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ERIC Number: ED178027
Record Type: RIE
Publication Date: 1977
Pages: 9
Abstractor: N/A
Reference Count: 0
Psychophysiology of Visual Space in Film and Television.
Malik, M. F.
Some of the theories which have been developed to explain how visual space is actually perceived, processed, and stored in the human brain are briefly noted, and the correspondence of contemporary systems of stereocinematography and holography to the neural processes of the brain is explored. Major concepts discussed include projective geometry, three dimensional perception, space perception, human information channels, and segmented space systems. The comprehension of these concepts was the foundation for modern stereocinematography techniques. Segmented space systems are said to be similar to stereocinematography, where the viewer is confined to a certain area, viewing the angle and precise timing of the show so the psychodramatic information impact is decreased geometrically with the length of time. Holography is described as a typical example of the use of projective geometry, where the viewer is in the movable horizon or place so his/her own eyes are a vanishing point or camera, and with every movement of his/her eye or head the entire picture will change its projective geometry. (JEG)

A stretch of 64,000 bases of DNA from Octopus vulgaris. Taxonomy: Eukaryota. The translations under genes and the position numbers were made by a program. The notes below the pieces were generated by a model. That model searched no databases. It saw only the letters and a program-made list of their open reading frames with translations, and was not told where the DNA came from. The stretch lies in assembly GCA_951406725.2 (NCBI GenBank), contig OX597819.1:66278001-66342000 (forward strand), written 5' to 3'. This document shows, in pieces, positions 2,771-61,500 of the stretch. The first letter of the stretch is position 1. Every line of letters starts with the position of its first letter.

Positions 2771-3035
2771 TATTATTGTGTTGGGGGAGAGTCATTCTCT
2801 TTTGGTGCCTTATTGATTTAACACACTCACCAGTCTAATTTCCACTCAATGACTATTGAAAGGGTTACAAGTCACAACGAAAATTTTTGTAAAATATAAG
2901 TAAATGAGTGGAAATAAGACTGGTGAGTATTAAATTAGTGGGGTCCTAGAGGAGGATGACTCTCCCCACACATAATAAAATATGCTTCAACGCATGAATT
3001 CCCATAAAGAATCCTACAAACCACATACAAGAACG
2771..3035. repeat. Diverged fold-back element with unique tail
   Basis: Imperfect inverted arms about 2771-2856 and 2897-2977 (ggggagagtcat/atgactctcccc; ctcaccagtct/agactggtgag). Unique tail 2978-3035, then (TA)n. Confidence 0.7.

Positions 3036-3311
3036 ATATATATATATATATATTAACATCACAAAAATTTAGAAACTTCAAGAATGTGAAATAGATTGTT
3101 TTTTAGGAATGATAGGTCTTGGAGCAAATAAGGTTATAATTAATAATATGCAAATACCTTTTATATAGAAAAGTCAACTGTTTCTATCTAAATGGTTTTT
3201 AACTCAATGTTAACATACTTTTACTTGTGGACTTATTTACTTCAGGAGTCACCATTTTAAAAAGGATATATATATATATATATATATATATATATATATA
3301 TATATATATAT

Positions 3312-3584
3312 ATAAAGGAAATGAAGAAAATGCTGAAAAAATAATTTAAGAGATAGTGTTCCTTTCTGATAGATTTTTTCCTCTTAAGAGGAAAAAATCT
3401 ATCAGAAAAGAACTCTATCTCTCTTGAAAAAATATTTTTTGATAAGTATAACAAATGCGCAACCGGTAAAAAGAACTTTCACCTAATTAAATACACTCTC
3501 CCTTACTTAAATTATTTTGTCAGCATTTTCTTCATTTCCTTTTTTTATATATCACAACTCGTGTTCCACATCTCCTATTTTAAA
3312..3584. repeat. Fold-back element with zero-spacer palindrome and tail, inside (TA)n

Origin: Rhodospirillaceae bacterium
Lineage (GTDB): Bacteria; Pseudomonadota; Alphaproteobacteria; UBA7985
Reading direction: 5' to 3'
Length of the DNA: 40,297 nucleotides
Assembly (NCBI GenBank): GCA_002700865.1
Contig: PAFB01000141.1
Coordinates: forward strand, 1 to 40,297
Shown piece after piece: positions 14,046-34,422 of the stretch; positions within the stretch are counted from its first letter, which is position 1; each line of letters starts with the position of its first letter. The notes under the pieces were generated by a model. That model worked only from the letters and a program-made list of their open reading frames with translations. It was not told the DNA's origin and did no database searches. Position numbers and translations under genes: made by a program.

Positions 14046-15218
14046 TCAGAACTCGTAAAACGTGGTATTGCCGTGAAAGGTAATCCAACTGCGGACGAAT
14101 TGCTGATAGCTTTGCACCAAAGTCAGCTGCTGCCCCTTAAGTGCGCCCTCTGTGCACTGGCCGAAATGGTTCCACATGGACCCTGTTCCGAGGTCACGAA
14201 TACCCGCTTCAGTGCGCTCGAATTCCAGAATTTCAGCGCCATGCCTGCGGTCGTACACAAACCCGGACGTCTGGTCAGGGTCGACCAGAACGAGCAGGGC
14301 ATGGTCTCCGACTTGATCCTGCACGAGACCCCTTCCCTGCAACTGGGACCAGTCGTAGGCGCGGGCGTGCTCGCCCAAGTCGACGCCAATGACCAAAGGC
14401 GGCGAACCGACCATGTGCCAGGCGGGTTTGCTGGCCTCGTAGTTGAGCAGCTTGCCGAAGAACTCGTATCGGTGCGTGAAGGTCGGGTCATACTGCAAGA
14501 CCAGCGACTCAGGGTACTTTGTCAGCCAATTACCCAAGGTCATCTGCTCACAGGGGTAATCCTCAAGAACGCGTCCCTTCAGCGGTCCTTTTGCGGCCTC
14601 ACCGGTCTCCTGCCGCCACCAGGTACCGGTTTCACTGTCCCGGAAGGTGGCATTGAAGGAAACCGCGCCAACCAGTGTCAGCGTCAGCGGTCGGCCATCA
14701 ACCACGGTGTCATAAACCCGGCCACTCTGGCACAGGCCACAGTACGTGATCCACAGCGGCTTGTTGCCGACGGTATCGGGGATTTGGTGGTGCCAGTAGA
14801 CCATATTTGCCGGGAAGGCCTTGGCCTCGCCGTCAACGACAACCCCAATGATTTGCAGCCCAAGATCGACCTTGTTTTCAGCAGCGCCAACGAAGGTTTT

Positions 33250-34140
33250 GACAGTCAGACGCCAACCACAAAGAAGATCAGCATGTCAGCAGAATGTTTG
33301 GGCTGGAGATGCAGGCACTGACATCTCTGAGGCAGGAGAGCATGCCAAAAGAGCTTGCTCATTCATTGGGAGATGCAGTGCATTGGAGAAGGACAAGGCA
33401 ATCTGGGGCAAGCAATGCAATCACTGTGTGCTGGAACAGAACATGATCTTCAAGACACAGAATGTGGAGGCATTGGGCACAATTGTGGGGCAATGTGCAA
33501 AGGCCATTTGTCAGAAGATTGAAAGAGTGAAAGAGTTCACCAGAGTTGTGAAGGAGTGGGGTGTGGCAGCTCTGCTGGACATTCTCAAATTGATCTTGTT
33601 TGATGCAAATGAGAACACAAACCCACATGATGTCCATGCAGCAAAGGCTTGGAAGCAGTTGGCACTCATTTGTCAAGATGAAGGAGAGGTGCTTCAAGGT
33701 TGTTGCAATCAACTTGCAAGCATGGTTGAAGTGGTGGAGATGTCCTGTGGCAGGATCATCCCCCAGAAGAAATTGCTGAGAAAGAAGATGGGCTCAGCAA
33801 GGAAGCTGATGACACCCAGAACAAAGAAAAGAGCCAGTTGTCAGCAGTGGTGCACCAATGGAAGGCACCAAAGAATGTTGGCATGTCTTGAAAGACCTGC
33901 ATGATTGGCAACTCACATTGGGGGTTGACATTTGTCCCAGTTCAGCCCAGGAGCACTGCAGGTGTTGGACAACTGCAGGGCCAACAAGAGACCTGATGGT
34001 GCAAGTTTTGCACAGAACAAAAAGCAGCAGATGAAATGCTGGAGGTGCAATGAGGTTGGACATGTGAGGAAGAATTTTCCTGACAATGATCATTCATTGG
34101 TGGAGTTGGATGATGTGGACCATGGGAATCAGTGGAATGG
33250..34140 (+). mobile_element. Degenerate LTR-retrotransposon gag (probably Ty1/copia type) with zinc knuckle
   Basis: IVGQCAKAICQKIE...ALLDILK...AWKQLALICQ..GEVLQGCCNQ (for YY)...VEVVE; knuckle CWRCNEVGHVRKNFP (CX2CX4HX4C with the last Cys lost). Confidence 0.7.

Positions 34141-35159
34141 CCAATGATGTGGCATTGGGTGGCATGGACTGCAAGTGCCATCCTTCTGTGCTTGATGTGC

Publication Type: Information Analyses; Opinion Papers
Education Level: N/A
Audience: N/A
Language: English
Sponsor: N/A
Authoring Institution: N/A
Note: For related document, see IR 005 024